Of course, there are more than five, but I find these five lies the most annoying. Some of them have been propagated by financial experts in order to protect the public (they don't believe people can think for themselves). Others have been spread by ignorance due to the clouds of secrecy surrounding credit-making decisions. Take a quick look and see if you can recognize some of these lies (and try to count how many times you have heard them as well).
1. You must carry a balance to raise your credit score.
I will not be surprised if future historian detectives will find out that this outrageously false claim had been conceived by clever banking marketers. This patently ridiculous lie is probably responsible for thousands, if not millions of people getting and staying in credit card debt. The truth is quite the opposite: while the FICO credit card scoring formula does not penalize borrowers who carry a balance, it does not give them extra points either. Thank God, or they would become the laughing stock of the industry!
2. Your credit gets dinged every time you check your own score.
How do you spell baloney? Fortunately, not many people believe this nonsense nowadays, but I have still had to bring it up.
3. Closing down some credit cards will improve your credit score.
This one is a little more complicated. But, in essence, it is a lie, as well. If you thoughtlessly close a credit card, that can increase your Utilization Rate and reduce the Average Age of Account. While AAoA is a secondary factor in your credit score, your Utilization Rate (debit to credit ratio) is one of the most important components of the FICO formula. Thus, closing a credit card might reduce your credit score, not improve it.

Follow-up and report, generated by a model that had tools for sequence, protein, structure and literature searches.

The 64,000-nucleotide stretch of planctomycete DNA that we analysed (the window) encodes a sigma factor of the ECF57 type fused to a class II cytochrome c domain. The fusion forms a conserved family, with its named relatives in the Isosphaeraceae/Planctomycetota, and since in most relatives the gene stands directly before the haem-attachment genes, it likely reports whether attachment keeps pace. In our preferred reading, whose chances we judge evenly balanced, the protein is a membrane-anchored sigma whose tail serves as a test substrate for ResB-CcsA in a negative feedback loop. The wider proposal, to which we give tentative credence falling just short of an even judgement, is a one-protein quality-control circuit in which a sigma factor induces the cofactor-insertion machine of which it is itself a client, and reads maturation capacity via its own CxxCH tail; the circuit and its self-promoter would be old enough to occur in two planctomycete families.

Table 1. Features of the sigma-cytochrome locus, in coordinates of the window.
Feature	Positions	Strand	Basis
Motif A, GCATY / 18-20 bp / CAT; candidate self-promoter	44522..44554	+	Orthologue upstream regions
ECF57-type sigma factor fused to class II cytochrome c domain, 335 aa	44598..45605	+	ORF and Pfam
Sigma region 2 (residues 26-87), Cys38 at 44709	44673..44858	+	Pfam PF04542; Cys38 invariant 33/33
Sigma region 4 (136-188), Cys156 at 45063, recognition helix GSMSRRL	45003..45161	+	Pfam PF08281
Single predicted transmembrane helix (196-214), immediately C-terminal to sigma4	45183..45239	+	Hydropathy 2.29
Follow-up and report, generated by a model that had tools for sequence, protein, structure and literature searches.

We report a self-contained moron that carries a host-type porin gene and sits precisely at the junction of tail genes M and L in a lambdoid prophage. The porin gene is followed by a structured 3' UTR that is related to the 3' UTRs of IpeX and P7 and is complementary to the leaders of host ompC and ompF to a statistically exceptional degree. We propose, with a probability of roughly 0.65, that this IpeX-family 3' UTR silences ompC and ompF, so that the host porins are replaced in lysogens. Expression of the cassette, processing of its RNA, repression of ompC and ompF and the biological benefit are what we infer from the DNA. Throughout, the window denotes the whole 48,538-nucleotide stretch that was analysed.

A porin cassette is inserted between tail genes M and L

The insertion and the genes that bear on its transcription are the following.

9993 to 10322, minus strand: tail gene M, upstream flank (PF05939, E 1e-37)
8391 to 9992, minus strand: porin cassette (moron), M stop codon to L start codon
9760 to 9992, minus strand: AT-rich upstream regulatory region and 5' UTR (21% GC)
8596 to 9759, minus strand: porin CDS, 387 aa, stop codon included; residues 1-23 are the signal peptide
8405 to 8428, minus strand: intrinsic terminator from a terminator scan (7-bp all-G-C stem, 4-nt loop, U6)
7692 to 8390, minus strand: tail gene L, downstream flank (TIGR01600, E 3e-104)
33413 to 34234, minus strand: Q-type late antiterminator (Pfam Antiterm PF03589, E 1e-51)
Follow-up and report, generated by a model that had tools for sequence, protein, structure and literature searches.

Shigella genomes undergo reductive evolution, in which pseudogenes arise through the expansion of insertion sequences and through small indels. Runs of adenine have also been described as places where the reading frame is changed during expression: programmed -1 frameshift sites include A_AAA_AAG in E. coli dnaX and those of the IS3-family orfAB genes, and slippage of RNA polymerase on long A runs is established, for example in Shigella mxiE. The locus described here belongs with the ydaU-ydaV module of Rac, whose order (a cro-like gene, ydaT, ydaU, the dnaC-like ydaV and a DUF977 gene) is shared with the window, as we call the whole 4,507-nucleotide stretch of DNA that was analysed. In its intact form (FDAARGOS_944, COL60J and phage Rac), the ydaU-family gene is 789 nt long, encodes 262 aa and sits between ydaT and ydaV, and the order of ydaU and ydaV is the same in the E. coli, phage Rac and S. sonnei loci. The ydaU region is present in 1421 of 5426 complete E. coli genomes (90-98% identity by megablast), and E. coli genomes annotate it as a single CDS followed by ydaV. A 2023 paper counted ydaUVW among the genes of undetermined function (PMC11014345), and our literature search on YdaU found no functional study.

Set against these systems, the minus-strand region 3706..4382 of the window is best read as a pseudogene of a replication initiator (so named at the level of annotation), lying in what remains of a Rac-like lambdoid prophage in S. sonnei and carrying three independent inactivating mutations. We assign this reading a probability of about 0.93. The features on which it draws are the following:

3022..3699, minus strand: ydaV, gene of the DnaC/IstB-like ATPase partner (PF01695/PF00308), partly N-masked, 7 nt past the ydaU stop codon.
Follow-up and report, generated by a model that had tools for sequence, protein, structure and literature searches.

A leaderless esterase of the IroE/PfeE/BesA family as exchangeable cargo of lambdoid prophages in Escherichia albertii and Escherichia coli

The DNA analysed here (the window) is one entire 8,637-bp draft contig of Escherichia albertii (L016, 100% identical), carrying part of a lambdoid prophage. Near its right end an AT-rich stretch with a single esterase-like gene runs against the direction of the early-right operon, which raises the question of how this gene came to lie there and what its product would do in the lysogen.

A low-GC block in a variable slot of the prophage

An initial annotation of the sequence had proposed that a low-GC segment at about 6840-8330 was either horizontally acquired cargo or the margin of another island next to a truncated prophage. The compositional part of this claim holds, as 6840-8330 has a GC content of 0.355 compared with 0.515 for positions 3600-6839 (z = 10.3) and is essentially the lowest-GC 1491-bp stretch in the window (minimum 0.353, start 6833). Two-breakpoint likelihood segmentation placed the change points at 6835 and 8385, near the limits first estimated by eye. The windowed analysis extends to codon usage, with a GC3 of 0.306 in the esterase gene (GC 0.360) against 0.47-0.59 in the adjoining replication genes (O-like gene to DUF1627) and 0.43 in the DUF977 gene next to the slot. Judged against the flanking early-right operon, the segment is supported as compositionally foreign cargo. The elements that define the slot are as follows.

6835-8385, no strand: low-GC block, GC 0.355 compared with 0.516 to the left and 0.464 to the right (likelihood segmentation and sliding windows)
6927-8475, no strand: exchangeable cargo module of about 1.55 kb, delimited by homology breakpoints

I will talk in details about Utilization Rate in future posts, because it is really important, but for now, let's say, if you do not need to close the card, you probably should not touch it.
4. You should never close down your credit card accounts.
I know, it might sound strange after what you have just read, but that is a lie, too. There are many reasons to close a credit card account. It might be that you do not want to pay that annual fee, or you might have trouble taking care of several credit cards at the same time. There is nothing wrong with respecting your boundaries.
There are ways, however, to reduce some of the negative effects. Some banks, like Chase, for example, usually allow you to transfer your credit line to another card from the same family before closing the account. It never hurts to ask.
5. Opening new credit cards will decrease your score
There is a little bit of truth in this lie, but it is still a lie. It is true that applying for a credit card will cause the bank to send a credit inquiry to one of the bureaus, or as they call it in the "biz", a "hard pull". However, hard pulls only dinge your score by 2-10 points, and these scratches will lose their effect in about 3-6 months. Unless you are applying for five or six credit cards at the same time... well, you probably aren't, so there is nothing to worry about, anyway.
In many cases, opening a new credit card account might actually help your score. Getting a new credit line will increase your Utilization Rate, which might not only mitigate but completely turn around the hard pull effect. Since everyone's credit file is different, it won't happen for everyone, but it will for many people.
Next post: How to improve your Utilization Rate like a pro!
This is a post by Andy Shuman, a credit and travel expert who blogs at www.Lazytravelers.net. He writes and blogs during and between trips that he enjoys free of charge mostly due to creative use of credit card offers. He believes that credit cards are much more than just a convenient way to pay for a purchase, and that the benefits of responsible credit habits can go far beyond getting the best rates for loans and mortgages.
Andy is the author of bestselling books from Lazy Traveler Handbook Series available on Amazon. When he's not traveling, he lives with his beautiful wife and daughter in Brooklyn, NY.
Questions? Suggestions? Keep them coming!
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